How to Finish Concrete Floors to Look Like Marble

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A fantastic do-it-yourself project that will bring timeless beauty to any home, painting concrete floors to look like marble avoids the hassle and major expense of installing real marble. With a little time and patience, you can transform dull, flat masonry floors in rooms and entryways as well as covered patios or even countertops. Here's how to use trick-of-the-eye faux marbling techniques to make it happen.


Things You'll Need

How to Finish Concrete Floors to Look Like Marble

Step 1: Choose a Marble Type

Do an image search to find a photo of the type of marble you'd like to reproduce or purchase a sample from a home-improvement center or tile store. If this is your first foray into faux finishing a concrete floor, choose a marble that is fairly simple to replicate with no more than four different colors.


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Step 2: Clean the Floors

Sweep and wash concrete floors with a mop or cellulose sponge using a degreaser (such as trisodium phosphate) to remove dirt, oil, stains, and any existing coatings or sealers. When handling a somewhat toxic product like TSP, be sure to wear clothing that covers your arms and legs, in addition to gloves, safety glasses, and a respiratory mask. Be sure there is adequate ventilation where you're working.


Step 3: Rinse and Let Floors Dry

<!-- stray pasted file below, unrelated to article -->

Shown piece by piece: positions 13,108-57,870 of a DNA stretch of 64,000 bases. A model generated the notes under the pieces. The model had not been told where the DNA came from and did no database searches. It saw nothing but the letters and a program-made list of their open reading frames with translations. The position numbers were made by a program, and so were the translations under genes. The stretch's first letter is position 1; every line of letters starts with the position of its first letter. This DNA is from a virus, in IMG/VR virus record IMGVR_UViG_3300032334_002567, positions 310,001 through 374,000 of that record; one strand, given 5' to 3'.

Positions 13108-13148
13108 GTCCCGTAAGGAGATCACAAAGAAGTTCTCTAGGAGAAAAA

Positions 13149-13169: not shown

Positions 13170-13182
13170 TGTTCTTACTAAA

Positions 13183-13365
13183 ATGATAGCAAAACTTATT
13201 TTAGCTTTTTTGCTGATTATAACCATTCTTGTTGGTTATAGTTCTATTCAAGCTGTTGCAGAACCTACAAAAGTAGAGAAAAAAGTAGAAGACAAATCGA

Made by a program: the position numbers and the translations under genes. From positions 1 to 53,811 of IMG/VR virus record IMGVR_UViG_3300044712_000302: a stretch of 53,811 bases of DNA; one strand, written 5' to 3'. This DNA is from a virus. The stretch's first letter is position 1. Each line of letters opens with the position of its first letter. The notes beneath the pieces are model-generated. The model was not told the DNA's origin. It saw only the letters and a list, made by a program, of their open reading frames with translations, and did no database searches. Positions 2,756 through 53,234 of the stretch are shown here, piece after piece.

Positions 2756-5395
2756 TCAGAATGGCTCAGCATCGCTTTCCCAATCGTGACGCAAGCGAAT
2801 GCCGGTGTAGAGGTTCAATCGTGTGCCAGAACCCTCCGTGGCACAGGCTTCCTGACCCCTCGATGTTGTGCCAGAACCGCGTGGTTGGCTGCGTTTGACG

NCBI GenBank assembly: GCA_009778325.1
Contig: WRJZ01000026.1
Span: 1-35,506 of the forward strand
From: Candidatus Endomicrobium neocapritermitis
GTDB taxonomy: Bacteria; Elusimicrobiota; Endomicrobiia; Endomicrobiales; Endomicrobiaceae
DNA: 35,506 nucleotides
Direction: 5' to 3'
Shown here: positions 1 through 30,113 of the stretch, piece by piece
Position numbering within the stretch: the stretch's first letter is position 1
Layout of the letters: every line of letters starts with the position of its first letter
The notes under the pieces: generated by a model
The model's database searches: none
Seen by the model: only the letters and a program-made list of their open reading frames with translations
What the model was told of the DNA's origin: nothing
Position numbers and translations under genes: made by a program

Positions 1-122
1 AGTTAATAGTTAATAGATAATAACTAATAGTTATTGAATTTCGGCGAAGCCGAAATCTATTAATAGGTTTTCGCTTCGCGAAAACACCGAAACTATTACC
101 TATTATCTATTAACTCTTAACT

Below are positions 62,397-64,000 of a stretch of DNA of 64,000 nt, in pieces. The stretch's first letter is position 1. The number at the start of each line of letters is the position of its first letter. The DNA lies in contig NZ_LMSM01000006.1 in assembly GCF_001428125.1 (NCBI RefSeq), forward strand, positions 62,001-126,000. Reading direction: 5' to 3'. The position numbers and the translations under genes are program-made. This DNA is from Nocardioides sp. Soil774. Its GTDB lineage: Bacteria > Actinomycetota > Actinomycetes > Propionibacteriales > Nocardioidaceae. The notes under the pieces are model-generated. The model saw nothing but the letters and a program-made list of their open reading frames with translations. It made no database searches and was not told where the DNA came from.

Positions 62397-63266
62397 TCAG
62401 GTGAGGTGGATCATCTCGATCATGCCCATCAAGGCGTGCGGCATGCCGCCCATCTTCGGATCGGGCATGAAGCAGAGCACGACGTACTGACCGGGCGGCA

Because TSP can leave a residue, rinse the floors with clean water and allow them to dry completely.

Step 4: Apply the Basecoat

Using a self-priming paint formulated specifically for concrete or masonry, apply the marble base color (or colors) with a large paintbrush. The number of colors you'll use is determined by the marble sample.


Step 5: Mix the Paint Glazes

In small plastic containers or glass jars, make latex glazes with a mixture of acrylic paint and glaze medium in the colors found in the marble sample.

Step 6: Apply Glazes Directionally

With a paintbrush or sponge, apply the accent hues randomly yet in the same general direction to achieve an authentic marbling effect. Blend edges well to eliminate hard lines.


Step 7: Layer On More Glaze

Create depth, texture, and movement by adding many layers of glaze, splattering small amounts of water randomly to mimic real marble's mottled look.

Step 8: Paint the Veins

Using a fine artist brush, draw a combination of thin and thicker veins in the same general direction as the layers you created. Be sure veins don't run in a distinct pattern and aren't repetitive; they should appear jagged, not wavy, and have both soft and hard edges.


Step 9: Feather Out Harsh Lines

While the veins are still wet, lightly sweep a flat, dry paintbrush back and forth across the lines to achieve a wispy effect.

Step 10: Apply a Glossy Layer (Optional)

To create even more of an allusion of depth, after veins are dry, roll or brush on a thin layer of water-based polyurethane (gloss) and let it dry. Repeat steps 7 and 8. Let it dry.


Step 11: Roll On a Protective Finish

With a paint roller, apply four protective topcoats of high-gloss polyurethane as a protective finish, allowing each layer to dry before applying the next one.

Step 12: Wait for Bone-Dry Results

It's super important that the painted concrete floors be bone dry before using them. Patience is a virtue since walking on the floors before they are set will cause damage to your beautifully painted floors.


Since marble rarely comes in slabs larger than 24 x 24 inches, drawing “scoring” lines onto the base coat before marbleizing the surface will add another element of realism to concrete-cum-faux-stone floors.


Avoid using an epoxy cement floor coating since these are extremely difficult to work with and are quite toxic.



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